7 Ways Painters Can Overcome a Creative Block

Male painter painting at canvas on easel in art studio
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It's not unusual for an artist, whether an amateur or a professional, to have ups and downs in their creativity. In fact, it's perfectly normal. Suffering from a creative drought, or artist's block does not mean you're losing your artistic ability. You're just going through a temporary slump, that you will overcome.

Every artist has to tackle this issue and there are a few ways that can get you over the slump.

Look on the Bright Side

Creativity can take a lot out of an artist and slumps are par for the course. You can be going strong and paint canvas after canvas for months, only to hit a brick wall where nothing seems to happen. This is not the time to panic, instead, it's a time to reflect.

Many painters have found that their creative slumps are actually beneficial. It gives your mind a rest and allows you the freedom to think of new ideas, contemplate a different approach, or begin a new body of work. Don't think of a slump as a failure, it is simply another aspect of learning and growing, which is something artists are constantly doing.

Is your slump caused by personal complications like illness or a bad relationship? It can be very easy to give up on your artistic endeavors when your world seems to be crumbling, but this is one of the worst times to stop. Many artists find that their work becomes a sort of therapy in times of trouble and a place to work out feelings.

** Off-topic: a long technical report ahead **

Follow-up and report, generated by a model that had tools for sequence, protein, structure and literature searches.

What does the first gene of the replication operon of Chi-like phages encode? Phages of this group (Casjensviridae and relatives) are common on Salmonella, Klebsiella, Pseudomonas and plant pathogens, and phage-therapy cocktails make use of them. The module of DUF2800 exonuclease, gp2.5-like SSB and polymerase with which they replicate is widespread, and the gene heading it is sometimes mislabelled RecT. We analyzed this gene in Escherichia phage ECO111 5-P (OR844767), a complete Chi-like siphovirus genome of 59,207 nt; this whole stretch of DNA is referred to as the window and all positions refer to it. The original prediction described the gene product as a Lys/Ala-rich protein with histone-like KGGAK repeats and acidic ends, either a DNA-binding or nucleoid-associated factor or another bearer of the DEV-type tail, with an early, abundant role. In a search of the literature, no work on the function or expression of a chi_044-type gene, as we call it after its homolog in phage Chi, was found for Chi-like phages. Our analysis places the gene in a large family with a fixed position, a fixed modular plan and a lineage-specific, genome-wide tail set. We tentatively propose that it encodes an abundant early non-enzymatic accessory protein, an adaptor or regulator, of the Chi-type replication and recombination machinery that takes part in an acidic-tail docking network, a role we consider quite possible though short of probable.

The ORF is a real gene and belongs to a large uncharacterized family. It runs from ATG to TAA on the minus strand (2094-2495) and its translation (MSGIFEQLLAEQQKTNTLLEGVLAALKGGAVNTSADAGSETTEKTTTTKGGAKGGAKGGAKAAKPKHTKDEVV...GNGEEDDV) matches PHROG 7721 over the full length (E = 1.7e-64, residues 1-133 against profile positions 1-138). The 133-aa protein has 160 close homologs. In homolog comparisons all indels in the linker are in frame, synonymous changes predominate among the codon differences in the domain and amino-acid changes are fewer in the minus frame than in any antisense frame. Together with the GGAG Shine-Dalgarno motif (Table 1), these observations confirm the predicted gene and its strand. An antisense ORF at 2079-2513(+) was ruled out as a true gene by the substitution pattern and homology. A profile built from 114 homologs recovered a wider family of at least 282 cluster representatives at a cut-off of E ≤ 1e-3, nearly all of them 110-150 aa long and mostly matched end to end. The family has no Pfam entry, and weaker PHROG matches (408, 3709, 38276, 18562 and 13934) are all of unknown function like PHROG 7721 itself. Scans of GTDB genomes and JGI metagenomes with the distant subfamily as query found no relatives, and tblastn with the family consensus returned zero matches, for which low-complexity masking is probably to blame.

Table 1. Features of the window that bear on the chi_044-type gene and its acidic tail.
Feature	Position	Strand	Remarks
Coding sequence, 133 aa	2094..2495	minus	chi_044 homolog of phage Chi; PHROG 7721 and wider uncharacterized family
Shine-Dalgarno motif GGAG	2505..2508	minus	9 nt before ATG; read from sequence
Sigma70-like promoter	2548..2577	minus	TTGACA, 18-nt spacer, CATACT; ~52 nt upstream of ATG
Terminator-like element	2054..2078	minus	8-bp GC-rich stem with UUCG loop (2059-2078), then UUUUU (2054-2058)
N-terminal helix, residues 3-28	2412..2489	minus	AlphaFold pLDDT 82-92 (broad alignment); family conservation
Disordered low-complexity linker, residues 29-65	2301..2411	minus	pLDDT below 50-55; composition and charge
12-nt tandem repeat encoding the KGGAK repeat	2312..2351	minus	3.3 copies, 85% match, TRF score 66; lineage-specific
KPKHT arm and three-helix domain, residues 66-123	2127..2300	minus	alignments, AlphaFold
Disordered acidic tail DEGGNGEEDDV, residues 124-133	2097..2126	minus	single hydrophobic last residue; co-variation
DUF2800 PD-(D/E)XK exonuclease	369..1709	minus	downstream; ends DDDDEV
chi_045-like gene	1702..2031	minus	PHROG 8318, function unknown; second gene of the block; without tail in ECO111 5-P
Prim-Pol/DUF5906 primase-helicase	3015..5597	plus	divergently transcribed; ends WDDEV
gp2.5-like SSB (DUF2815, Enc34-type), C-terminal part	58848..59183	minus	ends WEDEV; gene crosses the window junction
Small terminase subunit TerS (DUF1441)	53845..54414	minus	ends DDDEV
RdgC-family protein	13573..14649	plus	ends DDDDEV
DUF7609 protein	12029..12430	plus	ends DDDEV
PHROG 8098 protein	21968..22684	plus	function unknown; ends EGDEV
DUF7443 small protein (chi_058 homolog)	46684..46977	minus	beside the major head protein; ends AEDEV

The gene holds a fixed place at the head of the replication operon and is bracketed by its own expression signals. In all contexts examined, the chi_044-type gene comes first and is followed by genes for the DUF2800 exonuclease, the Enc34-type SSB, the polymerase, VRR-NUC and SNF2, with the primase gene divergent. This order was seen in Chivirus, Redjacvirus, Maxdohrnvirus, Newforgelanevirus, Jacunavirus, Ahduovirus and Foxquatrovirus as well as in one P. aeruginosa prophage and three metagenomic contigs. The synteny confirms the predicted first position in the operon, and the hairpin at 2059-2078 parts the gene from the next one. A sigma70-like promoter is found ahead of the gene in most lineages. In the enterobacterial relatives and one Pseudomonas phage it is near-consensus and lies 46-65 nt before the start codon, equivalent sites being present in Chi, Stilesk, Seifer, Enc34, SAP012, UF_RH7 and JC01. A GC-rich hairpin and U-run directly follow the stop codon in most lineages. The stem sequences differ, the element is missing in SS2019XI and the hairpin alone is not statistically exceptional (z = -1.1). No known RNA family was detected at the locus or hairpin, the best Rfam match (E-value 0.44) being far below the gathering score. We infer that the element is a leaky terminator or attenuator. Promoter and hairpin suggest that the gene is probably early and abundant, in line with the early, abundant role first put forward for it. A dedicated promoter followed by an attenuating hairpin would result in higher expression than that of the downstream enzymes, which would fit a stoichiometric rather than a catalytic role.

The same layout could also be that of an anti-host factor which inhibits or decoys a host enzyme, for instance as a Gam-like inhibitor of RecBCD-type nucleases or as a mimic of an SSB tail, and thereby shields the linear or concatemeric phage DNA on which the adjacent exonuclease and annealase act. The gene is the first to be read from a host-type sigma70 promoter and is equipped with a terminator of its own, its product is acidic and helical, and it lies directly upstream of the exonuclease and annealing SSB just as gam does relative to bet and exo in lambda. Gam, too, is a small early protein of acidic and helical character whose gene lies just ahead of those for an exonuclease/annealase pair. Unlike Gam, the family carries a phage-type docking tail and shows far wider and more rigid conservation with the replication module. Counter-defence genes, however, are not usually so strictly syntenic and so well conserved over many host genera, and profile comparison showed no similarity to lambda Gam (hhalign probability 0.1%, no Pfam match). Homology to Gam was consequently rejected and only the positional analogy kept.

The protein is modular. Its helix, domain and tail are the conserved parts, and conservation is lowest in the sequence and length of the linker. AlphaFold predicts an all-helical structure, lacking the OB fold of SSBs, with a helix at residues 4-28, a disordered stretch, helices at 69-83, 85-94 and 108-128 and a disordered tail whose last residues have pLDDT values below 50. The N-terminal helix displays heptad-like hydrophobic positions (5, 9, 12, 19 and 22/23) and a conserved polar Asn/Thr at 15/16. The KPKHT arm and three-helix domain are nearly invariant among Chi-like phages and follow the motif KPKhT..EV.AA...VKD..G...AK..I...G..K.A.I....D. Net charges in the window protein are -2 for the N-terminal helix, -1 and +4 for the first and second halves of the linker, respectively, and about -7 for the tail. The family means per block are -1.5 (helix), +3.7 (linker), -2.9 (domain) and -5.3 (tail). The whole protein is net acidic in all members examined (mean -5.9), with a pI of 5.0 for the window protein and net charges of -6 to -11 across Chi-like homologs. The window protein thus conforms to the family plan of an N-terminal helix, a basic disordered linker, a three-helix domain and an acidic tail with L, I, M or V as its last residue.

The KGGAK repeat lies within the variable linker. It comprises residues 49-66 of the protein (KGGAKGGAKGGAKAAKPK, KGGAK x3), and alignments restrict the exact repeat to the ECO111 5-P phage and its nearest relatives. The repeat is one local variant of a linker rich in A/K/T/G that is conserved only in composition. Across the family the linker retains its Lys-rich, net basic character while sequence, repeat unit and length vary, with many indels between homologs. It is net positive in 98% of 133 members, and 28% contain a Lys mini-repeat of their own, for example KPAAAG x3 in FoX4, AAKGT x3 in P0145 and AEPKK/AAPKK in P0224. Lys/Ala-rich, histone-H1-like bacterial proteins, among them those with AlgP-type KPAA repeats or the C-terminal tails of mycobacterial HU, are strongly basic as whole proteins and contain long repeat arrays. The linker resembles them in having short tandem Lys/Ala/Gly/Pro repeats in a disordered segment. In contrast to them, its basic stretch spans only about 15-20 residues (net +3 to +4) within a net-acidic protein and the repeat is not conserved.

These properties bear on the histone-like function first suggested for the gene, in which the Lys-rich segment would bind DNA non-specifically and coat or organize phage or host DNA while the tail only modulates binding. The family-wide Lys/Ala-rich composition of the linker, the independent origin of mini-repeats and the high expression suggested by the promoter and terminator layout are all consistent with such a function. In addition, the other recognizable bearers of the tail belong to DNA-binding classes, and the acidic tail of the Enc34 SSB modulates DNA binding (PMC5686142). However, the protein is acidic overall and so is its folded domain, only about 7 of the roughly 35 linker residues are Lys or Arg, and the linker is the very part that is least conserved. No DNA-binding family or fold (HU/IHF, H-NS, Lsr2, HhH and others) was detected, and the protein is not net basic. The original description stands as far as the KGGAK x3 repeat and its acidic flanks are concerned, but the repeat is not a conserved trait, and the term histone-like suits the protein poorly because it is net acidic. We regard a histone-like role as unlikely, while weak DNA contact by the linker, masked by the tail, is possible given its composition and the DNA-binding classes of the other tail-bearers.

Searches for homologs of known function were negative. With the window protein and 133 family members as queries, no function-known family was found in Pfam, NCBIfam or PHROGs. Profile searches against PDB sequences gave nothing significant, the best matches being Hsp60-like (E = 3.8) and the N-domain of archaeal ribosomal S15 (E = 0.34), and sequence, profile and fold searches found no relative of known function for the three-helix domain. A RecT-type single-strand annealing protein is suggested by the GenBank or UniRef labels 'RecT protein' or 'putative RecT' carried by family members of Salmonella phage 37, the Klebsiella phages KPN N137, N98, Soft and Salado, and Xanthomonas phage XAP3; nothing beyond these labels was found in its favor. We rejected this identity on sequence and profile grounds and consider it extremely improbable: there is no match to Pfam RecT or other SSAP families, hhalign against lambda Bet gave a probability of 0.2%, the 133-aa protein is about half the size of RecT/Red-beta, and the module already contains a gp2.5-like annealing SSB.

Turn your sorrows around and use them to your advantage, there's always a better day ahead. Who knows, you may even create some of your best paintings.

Create for Creativity's Sake

Having a designated purpose or intent for a painting is not always the best approach. As artists, we can often get trapped into a mindset of creating for sales or exhibitions. What will other people like? Will the gallery accept a different style or medium from me? Can I pay the studio rent? These are common worries with artists and they can significantly impact the flow of creativity.

Stop all of that and simply create. Pick up a pencil and sketch at the park or grab your old camera and go take photographs downtown. Paint the walls, play with clay, sculpt something... just create!

As we grow as artists it can become more and more difficult to remember to have fun with art. That is why taking a break from your standard medium or style can be such a relief. Sometimes, you just need to let go and, honestly, act like a kid again. Think of the world without adult preconceptions or worries and simply make something.

Use this time to explore and refine your techniques as well. Maybe you'd like to hone your skills on figurative painting or you have been eyeing oils rather than the acrylics you've been working with. You can learn a lot during a slump if you just give yourself the opportunity.

Don't take on anything too big. Stick to small, fun projects that will remind you why you pursued the artist's life in the first place.

Get Out in the Artist Community

Some of our biggest fears come to life when we isolate ourselves. One of the best ways to break free from a creative block is to get out of the studio. Remember that you are not alone as an artist and you are not the only one who's ever felt this way.